Why I am a surrogacy lawyer
When I was at law school back in the 80’s I studied family law. I never thought I would practice in that area: after all it was – sniff- about people, and not about property, the traditional preserve of our common law. I was much more interested in trusts of all kinds- resulting, implied, express and constructive, and not in ephemeral concepts of justice- derided at law school by some as “palm tree justice”.
When I got out into practice, I discovered very quickly that I was bored rigid about much of commercial law, and ironically liked the challenges of family law- because I was helping people. I saw that what I did could change people’s lives. I could help adults and children become safer, or have a roof over their heads.
And then in 1988 came one of those clients who simply takes your breath away. I was in my office in suburban Brisbane when a client came through the door who made me gasp. She told me that she had been paid $10,000 by a couple to have their baby. She wanted to know if she could keep the money and the baby- as she had decided that she liked the child and wanted to keep it. No IVF clinic was involved. This was what we now call traditional surrogacy. The client was not only the surrogate but the genetic mother of the child. The child was genetically half hers.
My advice was clear, although I was appalled by her actions, and in particular the impact on the childless couple, whose dream she had hijacked: she could keep the baby and the money. She could keep the money because Queensland’s newly passed Surrogate Parenthood Act 1988 made what they had done illegal. This meant that any contract was void- and the money as lawyers say fell where it lay. In other words, she had been paid the money and could keep it.
And the child? She could keep the child too (from recollection a boy) because if they were to challenge her in court for custody (when we did call it custody), the intended parents may or may not succeed, but were at risk (as was she, but she was not the one wanting to start a case) of being prosecuted and then thrown in jail.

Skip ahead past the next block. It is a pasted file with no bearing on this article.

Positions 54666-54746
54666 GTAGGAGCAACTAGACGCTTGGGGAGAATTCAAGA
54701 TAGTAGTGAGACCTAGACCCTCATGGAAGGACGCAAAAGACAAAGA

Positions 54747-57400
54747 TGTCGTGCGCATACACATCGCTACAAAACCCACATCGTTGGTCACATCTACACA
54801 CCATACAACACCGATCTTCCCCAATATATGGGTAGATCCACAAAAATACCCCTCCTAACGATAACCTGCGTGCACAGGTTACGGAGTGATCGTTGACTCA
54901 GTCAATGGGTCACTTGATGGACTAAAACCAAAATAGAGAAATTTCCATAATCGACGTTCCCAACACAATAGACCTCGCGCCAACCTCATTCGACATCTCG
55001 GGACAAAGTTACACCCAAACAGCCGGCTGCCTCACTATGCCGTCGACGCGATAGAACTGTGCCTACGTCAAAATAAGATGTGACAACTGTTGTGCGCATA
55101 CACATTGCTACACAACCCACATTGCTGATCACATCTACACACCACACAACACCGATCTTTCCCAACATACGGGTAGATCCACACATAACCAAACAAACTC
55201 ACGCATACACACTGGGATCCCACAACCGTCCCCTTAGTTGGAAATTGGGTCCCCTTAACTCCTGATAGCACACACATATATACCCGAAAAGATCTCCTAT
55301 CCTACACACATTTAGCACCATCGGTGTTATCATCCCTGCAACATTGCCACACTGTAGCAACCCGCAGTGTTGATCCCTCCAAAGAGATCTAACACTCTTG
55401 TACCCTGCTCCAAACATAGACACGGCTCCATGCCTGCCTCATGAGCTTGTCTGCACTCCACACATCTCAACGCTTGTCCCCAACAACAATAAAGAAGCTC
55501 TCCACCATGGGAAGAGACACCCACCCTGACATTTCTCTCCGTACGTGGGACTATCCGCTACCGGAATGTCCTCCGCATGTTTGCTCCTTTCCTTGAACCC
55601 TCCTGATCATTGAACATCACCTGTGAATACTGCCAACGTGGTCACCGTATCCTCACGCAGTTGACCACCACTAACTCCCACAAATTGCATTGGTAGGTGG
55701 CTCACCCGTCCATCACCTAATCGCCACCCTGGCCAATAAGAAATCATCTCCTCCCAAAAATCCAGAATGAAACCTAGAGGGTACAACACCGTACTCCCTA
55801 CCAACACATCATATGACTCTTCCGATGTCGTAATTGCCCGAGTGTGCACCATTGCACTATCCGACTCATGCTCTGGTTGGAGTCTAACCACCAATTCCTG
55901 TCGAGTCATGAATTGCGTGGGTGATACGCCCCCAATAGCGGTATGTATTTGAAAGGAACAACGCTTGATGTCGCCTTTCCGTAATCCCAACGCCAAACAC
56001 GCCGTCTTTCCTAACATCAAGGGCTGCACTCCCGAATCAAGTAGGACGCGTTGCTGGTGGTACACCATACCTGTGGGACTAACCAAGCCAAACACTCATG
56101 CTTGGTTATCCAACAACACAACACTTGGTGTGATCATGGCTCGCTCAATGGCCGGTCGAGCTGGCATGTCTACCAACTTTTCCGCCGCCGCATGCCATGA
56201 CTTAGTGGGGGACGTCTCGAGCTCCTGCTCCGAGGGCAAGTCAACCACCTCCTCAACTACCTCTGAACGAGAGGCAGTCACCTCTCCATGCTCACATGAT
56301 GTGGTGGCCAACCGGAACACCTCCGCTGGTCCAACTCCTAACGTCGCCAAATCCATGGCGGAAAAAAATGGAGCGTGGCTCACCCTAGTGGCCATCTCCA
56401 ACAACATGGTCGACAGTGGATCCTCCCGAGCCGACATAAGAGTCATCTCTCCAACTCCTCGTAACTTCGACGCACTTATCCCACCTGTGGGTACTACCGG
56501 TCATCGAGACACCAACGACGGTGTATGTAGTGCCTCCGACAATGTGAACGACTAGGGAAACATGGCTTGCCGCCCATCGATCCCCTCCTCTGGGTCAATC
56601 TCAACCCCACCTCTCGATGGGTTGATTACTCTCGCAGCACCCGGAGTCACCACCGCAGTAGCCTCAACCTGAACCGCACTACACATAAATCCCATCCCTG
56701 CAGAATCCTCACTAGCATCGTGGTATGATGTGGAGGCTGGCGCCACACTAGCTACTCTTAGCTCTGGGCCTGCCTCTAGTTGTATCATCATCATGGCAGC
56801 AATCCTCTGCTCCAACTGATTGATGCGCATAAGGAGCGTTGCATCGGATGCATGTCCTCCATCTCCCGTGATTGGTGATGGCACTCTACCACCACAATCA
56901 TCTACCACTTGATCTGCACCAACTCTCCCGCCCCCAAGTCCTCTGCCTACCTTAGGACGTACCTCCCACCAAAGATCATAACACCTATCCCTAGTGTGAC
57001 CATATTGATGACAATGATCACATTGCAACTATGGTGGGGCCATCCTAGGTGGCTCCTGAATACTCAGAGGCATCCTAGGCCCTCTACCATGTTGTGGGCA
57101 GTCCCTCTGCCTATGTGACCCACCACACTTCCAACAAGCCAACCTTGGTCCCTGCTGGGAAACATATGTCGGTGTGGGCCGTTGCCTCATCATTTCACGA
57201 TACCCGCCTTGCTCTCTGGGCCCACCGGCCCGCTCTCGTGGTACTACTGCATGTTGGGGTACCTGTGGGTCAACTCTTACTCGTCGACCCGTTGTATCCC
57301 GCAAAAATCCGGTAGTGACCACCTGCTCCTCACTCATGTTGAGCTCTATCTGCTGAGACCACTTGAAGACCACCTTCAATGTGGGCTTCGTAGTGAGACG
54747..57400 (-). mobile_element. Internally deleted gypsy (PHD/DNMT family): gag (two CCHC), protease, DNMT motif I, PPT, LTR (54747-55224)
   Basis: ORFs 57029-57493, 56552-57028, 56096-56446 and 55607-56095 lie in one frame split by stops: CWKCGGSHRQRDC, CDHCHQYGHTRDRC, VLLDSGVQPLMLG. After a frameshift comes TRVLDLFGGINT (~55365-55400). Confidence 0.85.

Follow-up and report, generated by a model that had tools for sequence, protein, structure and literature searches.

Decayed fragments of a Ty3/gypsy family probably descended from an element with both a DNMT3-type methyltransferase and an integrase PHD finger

A few years later in 1992 I acted for my first LGBTI client, a woman who came out of the closet of her marriage. Since then I have acted for many gay and lesbian clients, some bisexual clients and the occasional trans client.
It might seem obvious- but gay and lesbian people cannot ordinarily conceive children. This means that for these clients how to conceive a child is not simply a romp in the back of a Commodore on a Saturday night, but an at times carefully planned exercise walking through the labyrinth of laws that were and are struggling to keep up with the changes of society.
Step by step from that process I started to advise clients about surrogacy, which in most parts of Australia back then was illegal. Step by step from that, I have acted for clients about surrogacy and related fertility questions.
Although many of my surrogacy clients are gay (men after all do not have a uterus), most are married couples. I have also acted for lesbian couples, and single men and women who want to be parents (and surrogates and their partners, donors and others too).
Even though I am not one of the central players- as after all I am merely a lawyer on the sidelines, not one of the intended parents, nor the surrogate or her partner nor the donors- in my key role I get a great deal of satisfaction of removing people’s pain in the inability to have children, by helping them walk through the labyrinth to have children.
To see that pain lifted and turned into love and joy after a baby is born is extraordinary. I am very lucky to help out in this most intimate of moments.
Many years ago when I was looking to have children I had the misfortune of not being able to have kids straight away. I had always thought I was going to be a dad. I loved my dad to bits and I wanted to have children, just like he had had children. It was just a question of when. And yet when it came to trying, it just didn’t work. It became a question of if. If you can have children can be a truly scary prospect. It is on another planet from when you can become a parent. Parallel universes. Suddenly all the certainties went. Fear can take over. The fear of failure. The fear of not becoming a parent.
And it’s one thing for there to be something wrong with your partner’s body- that’s sad, but empathy is there- but when it is your body, suddenly it feels as though you are imperfect- how come God picked on me? What have I done wrong, and all those irrational thoughts.
And then we got lucky- and breathed a huge sigh of relief. Once kids come along they change your life forever. I have been lucky enough to be a dad. I haven’t been on the journeys of my clients. Each journey is different- but I have experienced that pain, the uncertainty of ever becoming a parent. It’s not nice.
So there it is- I like helping real people achieve the most amazing miracle known on the planet- the miracle of the birth of a human baby. How lucky am I?